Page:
- When hiring or failing to terminate an employee on the registry would “violate federal law or regulations or cause an employer to lose a monetary or licensing-related benefit under federal law or regulations.”
Unfortunately, the latter exception has created misconceptions among employers who, as a condition of contracting with the federal government, must comply with the federal Drug Free Workplace Act (“DFWA”), 41 U.S.C. § 8102. Businesses large and small erroneously believe that DFWA compliance precludes their hiring of participants in Minnesota’s medical cannabis program because—despite a sea change in public acceptance—cannabis remains a prohibited Schedule I drug under federal law. No exception exists for products lawfully prescribed under the TTRA and other jurisdictions’ medical marijuana statutes.
In fact, the DFWA merely requires that government contractors ensure that “unlawful manufacture, distribution, dispensation, possession, or use of a controlled substance is prohibited in the person’s workplace.” Nowhere does it prohibit an employee’s use of cannabis, legally under state law or even illegally, off premises and outside working hours.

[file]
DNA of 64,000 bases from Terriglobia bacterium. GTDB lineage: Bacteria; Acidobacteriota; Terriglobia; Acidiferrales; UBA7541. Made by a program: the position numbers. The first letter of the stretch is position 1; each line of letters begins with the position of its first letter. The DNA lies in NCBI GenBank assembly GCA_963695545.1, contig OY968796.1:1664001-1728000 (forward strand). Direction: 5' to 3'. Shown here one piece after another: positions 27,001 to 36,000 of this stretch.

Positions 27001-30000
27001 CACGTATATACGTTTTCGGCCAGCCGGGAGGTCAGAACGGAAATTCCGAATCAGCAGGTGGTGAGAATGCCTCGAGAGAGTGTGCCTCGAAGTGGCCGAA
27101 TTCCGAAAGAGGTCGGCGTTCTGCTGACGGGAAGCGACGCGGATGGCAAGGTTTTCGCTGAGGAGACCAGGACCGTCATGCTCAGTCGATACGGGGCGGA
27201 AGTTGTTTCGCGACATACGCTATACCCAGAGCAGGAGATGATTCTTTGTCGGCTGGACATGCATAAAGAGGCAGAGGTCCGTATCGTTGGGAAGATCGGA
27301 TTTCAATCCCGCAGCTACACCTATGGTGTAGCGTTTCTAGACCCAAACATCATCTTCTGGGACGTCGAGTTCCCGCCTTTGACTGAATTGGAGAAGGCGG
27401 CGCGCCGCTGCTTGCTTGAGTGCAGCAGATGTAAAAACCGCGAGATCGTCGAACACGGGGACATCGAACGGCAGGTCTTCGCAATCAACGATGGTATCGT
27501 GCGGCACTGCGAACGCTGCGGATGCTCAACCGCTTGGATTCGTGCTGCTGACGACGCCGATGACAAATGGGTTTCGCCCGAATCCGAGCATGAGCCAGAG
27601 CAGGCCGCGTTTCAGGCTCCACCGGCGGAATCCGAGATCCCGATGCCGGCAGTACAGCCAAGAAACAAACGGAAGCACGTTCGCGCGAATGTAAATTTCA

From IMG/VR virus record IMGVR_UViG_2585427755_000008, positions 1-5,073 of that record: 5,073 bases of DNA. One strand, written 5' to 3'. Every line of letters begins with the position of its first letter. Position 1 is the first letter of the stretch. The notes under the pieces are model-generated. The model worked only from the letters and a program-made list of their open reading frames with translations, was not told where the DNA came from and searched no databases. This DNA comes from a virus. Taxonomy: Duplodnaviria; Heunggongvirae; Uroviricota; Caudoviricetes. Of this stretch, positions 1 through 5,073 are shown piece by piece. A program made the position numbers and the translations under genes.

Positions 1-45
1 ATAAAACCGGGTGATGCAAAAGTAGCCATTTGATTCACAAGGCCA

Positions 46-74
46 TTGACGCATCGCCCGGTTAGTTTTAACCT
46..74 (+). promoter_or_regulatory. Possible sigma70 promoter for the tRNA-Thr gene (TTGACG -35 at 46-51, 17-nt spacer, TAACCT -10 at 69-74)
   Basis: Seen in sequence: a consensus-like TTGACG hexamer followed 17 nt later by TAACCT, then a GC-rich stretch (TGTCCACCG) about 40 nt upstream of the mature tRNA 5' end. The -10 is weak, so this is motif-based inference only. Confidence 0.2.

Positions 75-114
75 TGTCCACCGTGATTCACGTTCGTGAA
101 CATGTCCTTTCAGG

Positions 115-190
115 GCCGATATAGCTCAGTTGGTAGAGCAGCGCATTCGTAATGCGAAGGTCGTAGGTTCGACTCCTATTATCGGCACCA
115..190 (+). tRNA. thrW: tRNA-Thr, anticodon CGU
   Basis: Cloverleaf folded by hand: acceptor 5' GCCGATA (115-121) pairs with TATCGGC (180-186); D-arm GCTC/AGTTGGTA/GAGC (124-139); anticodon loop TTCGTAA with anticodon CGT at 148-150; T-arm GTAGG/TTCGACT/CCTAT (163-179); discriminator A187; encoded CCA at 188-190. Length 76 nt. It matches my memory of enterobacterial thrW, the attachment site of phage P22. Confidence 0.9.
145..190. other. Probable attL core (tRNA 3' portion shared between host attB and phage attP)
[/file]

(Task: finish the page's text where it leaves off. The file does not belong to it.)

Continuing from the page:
Plaintiffs alleging discrimination under the TTRA may recover compensatory damages, attorneys’ fees and, in egregious situations, punitive damages. The same facts may also give rise to liability under the Minnesota Human Rights Act (“MHRA”), Minn. Stat. § 363A.01, based on disability discrimination. Although lacking punitive damages, the MHRA allows for trebling of compensatory damages. The MHRA’s liability threshold is higher than the TTRA’s, requiring a plaintiff show an “adverse employment action” (e.g., termination, demotion, refusal to hire). Under the TTRA’s more lenient “penalization” standard, actions as minor as a written warning or transfer from an office to a cubicle may trigger liability.
Drug Testing and Medical Cannabis
Minnesota has one of the nation’s most stringent drug testing statutes, titled the Minnesota Drug and Alcohol Testing in the Workplace Act (“DATWA”), Minn. Stat. § 181.950.